10. We are an internationalist party. There are no national solutions to the problems that humanity faces. Capitalism is an international system, highly organised and globalised and its defeat requires not only international solidarity but the linking up and coordination of struggles across Europe and the world. We will work with left organisations and movements in Europe and internationally that share our aims.  We will also seek to learn from the experience of those parties in Latin America which have challenged and rejected neo-liberal economic policies and are establishing a social and economic alternative in the interests of the majority of their peoples. We stand against imperialist wars and military interventions, against the exploitation of other countries for economic gain, and for a drastic reduction of military expenditure for the benefit of social spending, and for a foreign policy based on peace and equality.

Political statement No. 2 (Hackney/Tower Hamlets statement)

Introduction: The Ken Loach appeal launched in association with his film The Spirit of 45 and calling for a new left party has resulted in over 8000 responses nationally.  The film informs us that in 1945 the Labour Party pledged to put an end to the social evils of disease, idleness (mass unemployment), ignorance, squalor (slum housing) and want (poverty) and, despite the legacy of wartime debts, achieved significant reforms. Britain today, along with the rest of Europe and North America, is far wealthier in human and technological resources than it was in 1945. Yet as a result of over 30 years of so-called free-market policies, culminating in a chronic economic and financial crisis since 2007, all those evils have returned.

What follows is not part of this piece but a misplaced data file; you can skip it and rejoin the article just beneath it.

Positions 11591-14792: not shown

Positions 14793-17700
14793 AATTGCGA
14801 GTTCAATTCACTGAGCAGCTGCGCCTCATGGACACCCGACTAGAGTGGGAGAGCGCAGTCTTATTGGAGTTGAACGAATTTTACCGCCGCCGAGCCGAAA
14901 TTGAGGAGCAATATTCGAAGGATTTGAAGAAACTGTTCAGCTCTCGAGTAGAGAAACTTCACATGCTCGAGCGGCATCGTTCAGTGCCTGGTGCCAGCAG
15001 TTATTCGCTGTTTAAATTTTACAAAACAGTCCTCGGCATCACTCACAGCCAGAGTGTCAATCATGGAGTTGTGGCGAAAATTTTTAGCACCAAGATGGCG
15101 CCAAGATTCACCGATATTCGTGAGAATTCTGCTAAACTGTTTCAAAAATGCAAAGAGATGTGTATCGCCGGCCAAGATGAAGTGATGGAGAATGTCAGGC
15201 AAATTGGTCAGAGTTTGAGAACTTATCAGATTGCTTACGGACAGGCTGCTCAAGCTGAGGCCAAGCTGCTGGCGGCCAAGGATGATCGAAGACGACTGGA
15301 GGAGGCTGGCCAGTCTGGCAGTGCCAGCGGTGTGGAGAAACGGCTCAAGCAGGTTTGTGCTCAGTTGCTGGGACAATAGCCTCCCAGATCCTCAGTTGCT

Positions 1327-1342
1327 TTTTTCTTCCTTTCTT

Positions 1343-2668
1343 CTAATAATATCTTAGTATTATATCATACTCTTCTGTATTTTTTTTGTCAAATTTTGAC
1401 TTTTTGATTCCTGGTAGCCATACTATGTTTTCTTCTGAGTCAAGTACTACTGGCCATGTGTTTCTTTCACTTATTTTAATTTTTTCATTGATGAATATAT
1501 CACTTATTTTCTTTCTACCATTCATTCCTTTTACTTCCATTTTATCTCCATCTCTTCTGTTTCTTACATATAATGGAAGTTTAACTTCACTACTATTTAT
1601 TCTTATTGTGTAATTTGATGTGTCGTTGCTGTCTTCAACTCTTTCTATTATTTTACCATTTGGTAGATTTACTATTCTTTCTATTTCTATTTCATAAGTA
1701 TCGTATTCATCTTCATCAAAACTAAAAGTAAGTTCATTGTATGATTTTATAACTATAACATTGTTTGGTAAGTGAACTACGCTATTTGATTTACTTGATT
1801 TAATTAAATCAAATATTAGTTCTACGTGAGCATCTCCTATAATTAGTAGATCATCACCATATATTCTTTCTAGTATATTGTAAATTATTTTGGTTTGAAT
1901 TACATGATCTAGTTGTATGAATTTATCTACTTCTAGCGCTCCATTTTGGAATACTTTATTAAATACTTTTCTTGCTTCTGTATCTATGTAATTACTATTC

Our most urgent task is to defend and reclaim the gains won by the labour movement during more than a century of struggles. We believe that there is no prospect of the Labour Party today doing that effectively. Elsewhere in Europe left parties such as Syriza in Greece are winning mass support for resistance to austerity. In Britain we also need to create a new Left Party founded on the following political principles and policy commitments:

  1. 1.     On the Immediate Economic Crisis.
  • We are against austerity programmes which make the mass of working people, the old, the young and the sick, pay for a systemic crisis of capitalism.
  • We are for policies to restore full employment through measures  such as  reduced working hours for all;  spending on public housing,  infrastructure and services; and the public ownership of, and democratic collective control over, basic utilities, transport systems and the financial sector.